Monday, August 23, 2010
OITS August Newsletter -- From Lincoln Center To Your Local Public Library
"Back Hills Mom" Wows Lincoln Center, Vows To Fight On
OITS had its official premiere in New York on June 21 before a sold out audience at Lincoln Center's Walter Reade Theater. The screening was part of the Human Rights Watch International Film Festival.
The highlight of the evening occurred when Kathy Springer, the self-described 'back hills mom' who plays a starring role in the documentary, was introduced and brought on stage to a prolonged standing ovation.
During a lively discussion led by Boris Dittrich, Advocacy Director of the Human Rights Watch LGBT Rights Program, Kathy vowed to carry on the fight that began when school authorities in her small Pennsylvania town stood by and did nothing as her son was brutally gay bashed. She emphasized the importance of making schools everywhere safe for all students.
There will be many opportunities for Kathy (pictured here with Terry, her amazingly-supportive husband) and other allies to join the OITS Campaign as the film continues to tour across the country as part of the Traveling Human Rights Watch Film Festival, which bears witness to human rights violations through storytelling in a way that challenges each individual to empathize and demand justice for all people.
Listen to a podcast about OITS with Joe, Dean and HRW's Borris Dittrich, hosted by Amy Costello.
Film Screening Supports Non-Discrimination Ordinance
OITS events help communities come together in exciting new ways, as The Main Line Times reported about a recent screening in suburban Philadelphia:
"The community room at the Bryn Mawr Film Institute was standing-room-only for the screening of a new documentary film called Out In The Silence. But that wasn't the most remarkable thing about the 100-plus turnout for Jason Landau Goodman, whose organization, Equality Lower Merion, hosted the event.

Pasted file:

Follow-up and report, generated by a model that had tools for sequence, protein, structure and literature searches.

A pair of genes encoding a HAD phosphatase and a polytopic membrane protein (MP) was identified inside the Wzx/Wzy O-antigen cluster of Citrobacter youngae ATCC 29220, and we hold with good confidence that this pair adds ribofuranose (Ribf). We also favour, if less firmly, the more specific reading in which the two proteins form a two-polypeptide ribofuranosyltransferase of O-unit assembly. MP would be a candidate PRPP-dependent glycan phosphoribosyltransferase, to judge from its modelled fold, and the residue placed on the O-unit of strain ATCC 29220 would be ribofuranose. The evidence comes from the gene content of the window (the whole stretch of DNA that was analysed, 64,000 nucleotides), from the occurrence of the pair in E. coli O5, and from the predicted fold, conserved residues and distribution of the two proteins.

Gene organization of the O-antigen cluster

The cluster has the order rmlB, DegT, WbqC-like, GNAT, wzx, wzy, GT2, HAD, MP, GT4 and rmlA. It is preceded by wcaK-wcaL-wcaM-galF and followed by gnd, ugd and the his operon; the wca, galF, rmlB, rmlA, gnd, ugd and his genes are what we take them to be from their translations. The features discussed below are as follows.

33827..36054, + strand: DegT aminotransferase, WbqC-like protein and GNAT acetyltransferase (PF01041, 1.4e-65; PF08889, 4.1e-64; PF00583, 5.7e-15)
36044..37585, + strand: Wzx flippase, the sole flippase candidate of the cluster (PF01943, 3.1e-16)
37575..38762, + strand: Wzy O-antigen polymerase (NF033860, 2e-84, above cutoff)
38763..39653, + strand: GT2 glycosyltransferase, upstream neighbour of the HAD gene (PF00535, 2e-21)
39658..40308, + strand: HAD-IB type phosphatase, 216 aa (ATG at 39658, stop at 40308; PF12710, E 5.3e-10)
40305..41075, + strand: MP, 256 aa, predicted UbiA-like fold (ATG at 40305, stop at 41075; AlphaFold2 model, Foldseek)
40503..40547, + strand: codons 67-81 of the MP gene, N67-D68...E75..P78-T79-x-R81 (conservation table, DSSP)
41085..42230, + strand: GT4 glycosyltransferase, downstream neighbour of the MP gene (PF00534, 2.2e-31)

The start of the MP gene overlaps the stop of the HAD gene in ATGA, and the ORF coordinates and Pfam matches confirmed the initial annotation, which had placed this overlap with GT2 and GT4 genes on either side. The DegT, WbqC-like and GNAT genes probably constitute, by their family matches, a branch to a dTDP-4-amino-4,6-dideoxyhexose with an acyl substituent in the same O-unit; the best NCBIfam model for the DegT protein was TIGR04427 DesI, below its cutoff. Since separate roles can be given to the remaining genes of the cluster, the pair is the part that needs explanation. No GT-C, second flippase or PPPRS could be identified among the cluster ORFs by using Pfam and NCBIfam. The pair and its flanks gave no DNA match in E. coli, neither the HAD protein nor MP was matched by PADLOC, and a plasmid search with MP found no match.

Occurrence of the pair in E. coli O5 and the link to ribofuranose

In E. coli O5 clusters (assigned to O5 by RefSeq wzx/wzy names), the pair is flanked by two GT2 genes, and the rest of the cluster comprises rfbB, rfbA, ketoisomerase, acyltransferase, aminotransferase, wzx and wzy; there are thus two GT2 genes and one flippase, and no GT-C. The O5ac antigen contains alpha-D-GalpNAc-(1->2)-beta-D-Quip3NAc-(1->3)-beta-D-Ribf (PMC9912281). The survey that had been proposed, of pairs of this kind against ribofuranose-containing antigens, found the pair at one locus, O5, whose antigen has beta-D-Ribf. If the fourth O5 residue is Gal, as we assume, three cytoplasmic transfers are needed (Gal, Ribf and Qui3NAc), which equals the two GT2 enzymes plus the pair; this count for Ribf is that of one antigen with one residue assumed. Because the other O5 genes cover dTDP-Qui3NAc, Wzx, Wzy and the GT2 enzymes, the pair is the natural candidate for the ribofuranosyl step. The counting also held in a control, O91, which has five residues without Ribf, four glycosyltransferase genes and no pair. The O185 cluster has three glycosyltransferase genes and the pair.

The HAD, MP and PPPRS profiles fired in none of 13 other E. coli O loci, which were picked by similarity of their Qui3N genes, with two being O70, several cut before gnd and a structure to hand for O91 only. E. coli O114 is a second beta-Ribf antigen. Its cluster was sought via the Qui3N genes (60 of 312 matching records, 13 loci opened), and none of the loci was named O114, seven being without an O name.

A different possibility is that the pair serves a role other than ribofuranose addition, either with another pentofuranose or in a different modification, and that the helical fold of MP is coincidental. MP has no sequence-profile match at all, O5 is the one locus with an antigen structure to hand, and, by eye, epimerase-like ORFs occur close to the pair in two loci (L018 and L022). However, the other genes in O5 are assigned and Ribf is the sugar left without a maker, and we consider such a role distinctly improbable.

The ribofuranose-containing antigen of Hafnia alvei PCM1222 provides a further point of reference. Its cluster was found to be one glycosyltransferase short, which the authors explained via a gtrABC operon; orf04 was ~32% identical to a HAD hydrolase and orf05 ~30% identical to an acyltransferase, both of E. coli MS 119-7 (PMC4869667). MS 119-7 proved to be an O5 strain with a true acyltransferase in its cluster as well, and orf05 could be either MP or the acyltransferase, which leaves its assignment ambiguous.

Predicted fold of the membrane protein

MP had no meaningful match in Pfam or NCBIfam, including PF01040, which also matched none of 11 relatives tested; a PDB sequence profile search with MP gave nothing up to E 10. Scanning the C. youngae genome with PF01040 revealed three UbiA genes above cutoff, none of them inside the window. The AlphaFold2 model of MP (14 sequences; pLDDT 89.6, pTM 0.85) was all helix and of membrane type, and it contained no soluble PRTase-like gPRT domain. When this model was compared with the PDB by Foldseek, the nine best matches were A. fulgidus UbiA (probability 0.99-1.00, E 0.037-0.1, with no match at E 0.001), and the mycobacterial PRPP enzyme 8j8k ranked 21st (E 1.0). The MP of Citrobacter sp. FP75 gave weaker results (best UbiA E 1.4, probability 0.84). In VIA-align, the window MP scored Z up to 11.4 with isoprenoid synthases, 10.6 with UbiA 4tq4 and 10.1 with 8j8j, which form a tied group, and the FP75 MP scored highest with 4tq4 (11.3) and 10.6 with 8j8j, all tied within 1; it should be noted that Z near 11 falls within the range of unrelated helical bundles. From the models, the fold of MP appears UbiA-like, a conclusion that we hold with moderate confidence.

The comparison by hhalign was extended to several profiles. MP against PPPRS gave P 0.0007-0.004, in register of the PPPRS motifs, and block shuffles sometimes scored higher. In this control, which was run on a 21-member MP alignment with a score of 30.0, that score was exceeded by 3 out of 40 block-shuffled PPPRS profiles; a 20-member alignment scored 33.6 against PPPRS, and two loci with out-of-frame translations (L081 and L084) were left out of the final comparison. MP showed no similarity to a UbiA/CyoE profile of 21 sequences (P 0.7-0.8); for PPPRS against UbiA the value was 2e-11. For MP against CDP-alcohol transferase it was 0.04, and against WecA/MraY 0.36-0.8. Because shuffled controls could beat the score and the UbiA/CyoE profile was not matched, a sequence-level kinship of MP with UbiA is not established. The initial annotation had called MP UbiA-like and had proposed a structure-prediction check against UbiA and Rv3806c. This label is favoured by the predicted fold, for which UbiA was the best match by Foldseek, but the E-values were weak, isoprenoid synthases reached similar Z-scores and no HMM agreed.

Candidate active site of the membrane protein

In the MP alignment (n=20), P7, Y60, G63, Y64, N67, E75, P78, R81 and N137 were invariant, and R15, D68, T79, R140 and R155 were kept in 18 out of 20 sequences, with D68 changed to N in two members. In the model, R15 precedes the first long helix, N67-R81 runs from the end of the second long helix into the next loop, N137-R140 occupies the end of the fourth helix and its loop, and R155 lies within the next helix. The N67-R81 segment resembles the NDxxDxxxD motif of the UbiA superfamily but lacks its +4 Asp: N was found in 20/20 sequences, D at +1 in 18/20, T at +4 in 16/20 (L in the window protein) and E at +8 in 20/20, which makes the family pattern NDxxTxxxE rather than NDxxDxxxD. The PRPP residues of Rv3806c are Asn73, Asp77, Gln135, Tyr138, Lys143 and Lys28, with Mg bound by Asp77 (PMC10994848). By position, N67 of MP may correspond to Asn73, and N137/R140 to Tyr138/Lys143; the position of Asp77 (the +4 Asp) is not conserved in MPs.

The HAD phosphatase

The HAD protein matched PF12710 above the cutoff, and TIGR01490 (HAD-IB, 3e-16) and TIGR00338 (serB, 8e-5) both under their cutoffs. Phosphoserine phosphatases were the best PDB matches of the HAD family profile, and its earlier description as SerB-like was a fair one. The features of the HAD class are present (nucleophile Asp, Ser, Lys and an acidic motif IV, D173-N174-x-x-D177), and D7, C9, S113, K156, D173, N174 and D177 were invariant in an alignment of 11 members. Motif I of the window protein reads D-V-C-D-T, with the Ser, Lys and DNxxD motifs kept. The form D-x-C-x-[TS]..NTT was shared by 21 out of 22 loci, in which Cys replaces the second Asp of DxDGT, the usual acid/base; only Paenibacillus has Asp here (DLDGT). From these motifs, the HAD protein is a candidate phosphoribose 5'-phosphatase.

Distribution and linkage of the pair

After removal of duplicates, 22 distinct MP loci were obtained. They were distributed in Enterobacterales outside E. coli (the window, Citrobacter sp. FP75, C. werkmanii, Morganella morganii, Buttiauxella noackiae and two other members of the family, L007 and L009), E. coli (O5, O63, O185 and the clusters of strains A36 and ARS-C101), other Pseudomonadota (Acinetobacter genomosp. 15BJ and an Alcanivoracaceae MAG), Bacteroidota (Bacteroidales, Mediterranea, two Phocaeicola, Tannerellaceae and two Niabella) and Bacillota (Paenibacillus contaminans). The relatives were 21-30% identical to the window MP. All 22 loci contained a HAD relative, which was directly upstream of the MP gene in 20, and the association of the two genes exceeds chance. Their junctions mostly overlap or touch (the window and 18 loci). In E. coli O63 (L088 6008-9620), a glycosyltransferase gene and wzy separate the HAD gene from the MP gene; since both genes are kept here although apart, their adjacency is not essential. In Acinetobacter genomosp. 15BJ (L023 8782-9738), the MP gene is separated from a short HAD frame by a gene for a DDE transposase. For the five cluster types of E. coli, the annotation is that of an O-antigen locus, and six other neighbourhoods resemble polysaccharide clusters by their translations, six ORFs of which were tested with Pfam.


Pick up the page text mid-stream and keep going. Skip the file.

For the Main Line, 'this was the first community LGBT event they could ever recall,' Goodman said of the audience, a diverse group that included different ages, some same-sex partners, but probably just as many or more heterosexual couples.
For Goodman, the local college student who last month urged the Lower Merion Township Board of Commissioners to adopt an ordinance banning discrimination based on sexual orientation or gender identity, it was a big step forward in the visibility of lesbian, gay, bisexual and transgender issues here."
Read the entire article here: Film Draws Supporters of Non-Discrimination Ordinance
And The Emmy Goes To ...
OITS is proud and honored to be nominated for an Emmy Award in the documentary category by the National Academy of Television Arts and Sciences Mid-Atlantic Chapter. Winners will be announced on September 25th. Wish us luck!
Will You Join Us In "Going Public" ?
The OITS Campaign believes that real change requires being out there, openly and visibly, in the full light of the public square, linking the struggle for justice and equality for LGBT people to the broader quest for a more inclusive and democratic society for all.
And we need you to be a part of it by bringing OITS to your public library. You can host a local screening or have a DVD and Discussion Guide sent to your hometown library. Check out the screening kits here, let us know your plans, and we'll help you make it happen. Thanks!
Order a DVD from Amazon
Buy a 5-pack and Help Spread the News!
Download the Discussion Guide and Event Toolkit
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